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Automatic Test Generation. Generate a test sequence for a given behavioral description Some coverage metric is typically assumed Advantages of Automation: Less designer time/cost Less dependence on designer experience/ability Disadvantages of Automation:

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## Automatic Test Generation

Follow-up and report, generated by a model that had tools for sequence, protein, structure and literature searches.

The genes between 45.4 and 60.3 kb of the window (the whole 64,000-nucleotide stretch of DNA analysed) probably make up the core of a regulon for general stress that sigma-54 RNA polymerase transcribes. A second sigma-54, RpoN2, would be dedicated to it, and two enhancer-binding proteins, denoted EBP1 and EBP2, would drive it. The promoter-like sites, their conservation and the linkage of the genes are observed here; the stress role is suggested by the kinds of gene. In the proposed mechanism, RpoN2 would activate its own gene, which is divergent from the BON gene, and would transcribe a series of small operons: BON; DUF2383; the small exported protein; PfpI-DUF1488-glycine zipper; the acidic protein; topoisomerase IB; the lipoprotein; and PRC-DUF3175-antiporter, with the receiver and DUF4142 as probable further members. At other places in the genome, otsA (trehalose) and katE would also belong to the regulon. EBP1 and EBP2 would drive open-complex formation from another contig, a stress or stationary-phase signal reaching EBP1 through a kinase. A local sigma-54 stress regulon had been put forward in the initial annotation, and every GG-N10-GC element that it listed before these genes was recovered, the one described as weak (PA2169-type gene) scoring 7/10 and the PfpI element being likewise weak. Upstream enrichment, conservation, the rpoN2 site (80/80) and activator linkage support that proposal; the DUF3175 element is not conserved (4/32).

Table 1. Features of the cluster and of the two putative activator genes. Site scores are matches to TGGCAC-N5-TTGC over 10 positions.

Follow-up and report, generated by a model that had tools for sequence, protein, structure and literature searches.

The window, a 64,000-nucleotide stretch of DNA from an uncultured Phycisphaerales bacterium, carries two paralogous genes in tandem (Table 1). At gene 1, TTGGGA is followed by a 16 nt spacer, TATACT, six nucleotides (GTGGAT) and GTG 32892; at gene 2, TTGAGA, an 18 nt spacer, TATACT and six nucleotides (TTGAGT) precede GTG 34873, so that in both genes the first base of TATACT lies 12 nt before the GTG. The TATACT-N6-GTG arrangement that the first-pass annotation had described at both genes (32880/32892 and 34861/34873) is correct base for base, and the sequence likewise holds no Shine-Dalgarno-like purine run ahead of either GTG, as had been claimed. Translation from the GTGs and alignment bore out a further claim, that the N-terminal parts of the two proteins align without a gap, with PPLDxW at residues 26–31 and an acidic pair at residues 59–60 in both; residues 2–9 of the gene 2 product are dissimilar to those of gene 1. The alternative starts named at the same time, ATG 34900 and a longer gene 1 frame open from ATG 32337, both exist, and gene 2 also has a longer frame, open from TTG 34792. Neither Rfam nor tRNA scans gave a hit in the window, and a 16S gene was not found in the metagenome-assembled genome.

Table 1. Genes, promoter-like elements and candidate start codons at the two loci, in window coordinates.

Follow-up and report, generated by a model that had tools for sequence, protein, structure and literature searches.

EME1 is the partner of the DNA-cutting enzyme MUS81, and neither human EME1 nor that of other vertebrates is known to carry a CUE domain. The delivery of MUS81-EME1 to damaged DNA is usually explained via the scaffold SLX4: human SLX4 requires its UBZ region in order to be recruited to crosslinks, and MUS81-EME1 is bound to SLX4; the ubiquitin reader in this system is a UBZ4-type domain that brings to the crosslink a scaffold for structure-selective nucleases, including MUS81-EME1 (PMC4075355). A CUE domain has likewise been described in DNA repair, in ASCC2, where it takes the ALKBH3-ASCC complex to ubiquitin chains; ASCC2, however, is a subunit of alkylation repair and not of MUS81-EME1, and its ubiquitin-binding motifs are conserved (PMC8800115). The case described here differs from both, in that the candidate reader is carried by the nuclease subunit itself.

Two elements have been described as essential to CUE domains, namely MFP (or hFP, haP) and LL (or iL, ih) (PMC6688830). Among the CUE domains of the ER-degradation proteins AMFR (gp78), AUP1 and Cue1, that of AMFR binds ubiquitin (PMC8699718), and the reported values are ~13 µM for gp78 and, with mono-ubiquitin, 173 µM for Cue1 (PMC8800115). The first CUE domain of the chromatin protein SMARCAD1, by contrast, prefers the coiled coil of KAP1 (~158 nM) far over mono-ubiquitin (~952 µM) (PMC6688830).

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**Automatic Test Generation**• Generate a test sequence for a given behavioral description • Some coverage metric is typically assumed • Advantages of Automation: • Less designer time/cost • Less dependence on designer experience/ability Disadvantages of Automation: • Must rely on behavioral description (not spec) • Must rely on coverage metrics**Fault Directed Test Generation**• A subset of potential faults are chosen for test generation • Tests are generated specifically for the chosen set • Continue until all potential faults are detected Key Points: The faults are defined by the coverage metric - “a statement may be faulty” for statement coverage 2. The input space must be searched 3. These algorithms are typically “complete” - If a fault can be detected then it will be detected**SAT-Based Test Generation**• SATISFIABILITY (SAT) is the problem of solving a set of boolean constraints • Ex. (A AND B) OR (C AND D) • An ATG problem can be solved as a SAT problem if the coverage constraints are boolean • if (x AND y) • then out=1; (x AND y) • else out=2;NOT (x AND y) • Both statement constraints are boolean • Boolean constraints are common in logic**SAT-Based Problems**• Some constraints are arithmetic, not naturally boolean • if (x > y) • then out=1; (x > y) • else out=2;NOT (x > y) • Arithmetic constraints can be converted to boolean but it is expensive • The > operator can be replaced by a gate-level implementation of a comparator • A better solution would solve both boolean and arithmetic constraints**Integer Linear Programming (ILP)**• ILP is basically solving simultaneous equations (ala high school algebra) • X + Y = 10 • X - Y = 16 • 2X = 26 • X = 13 • Equations must be linear, variables must have integral values • A better solution would solve both boolean and arithmetic constraints**ILP + SAT**• Use ILP for arithmetic constraints and SAT for boolean constraints • ((A > B) OR (B > C)) AND ((A > 3) OR (A < B)) • First abstract the arithmetic and solve the boolean • (w OR x) AND (y OR z) • SAT solution - w is TRUE and y is TRUE • Next, solve each arithmetic clause which is TRUE • (A > B), (A > 3) • 3 > B, A > 3**ILP + SAT Complexities**• When solving the SAT, many solutions may exist • Which clauses will be selected to be TRUE? • ((A > B) OR (B > C)) AND ((A > 3) OR (A < B)) • (w OR x) AND (y OR z) • SAT solution - w is TRUE and z is TRUE • Next, solve each arithmetic clause which is TRUE • (A > B), (A < B), No Solution • A clause selection heuristic is needed • - Shortest clause, clause with least common vars, etc. • A backtracking mechanism is needed • - When conflict occurs, what decisions are reversed?**Constraint Logic Programming (CLP)**• Need a constraint solving approach which can handle arithmetic and boolean constraints • CLP was developed in the AI field but it can be applied to a wode range of problems • CLP constaints are declarative: • - They express a relationship between between variables which must hold without specifying a computational procedure to enforce the relationship**Declarative vs. Procedural**Example: The greatest common divisor between two numbers X and Y Procedural Solution: Write a program which solves computes the GCD - Describe how to solve the problem, step by step. 1. Divide the larger by the smaller and note the remainder. 2. Divide the remainder (92) into the previous divisor. 3. Repeat steps 1 and 2 until the remainder is 1 or zero. 4. When the remainder is zero the last divisor is the GCD. Declarative Solution: Describe the relationship between X, Y, and other variables - Do not describe how to compute the GCD Z. X / Z is an integer, Y / Z is an integer X / Q is an integer, Y / Q is an integer For all possible Q, Z >=Q**CLP Problem Formulation**• A CLP problem consists of: • * a set of variables X={x1,...,xn}, • * for each variable xi, a finite set Di of possible values (its domain), • * and a set of constraints restricting the values that the variables can simultaneously take. • A solution to a CSP is an assignment of a value from its domain to every variable, in such a way that every constraint is satisfied**X**x != y x != z Y Z y != z Internal Constraint Representation • An n-ary constraint is one that involves n variables • x > 3 is unary, x > y is binary, x + y > z is 3-ary • Unary constraints are solved trivially by restricting a variable’s domain. • Ex. x > 0, restrict the value of x to positive numbers • Binary constraints can be represented as a constraint network x != y y != z z != x

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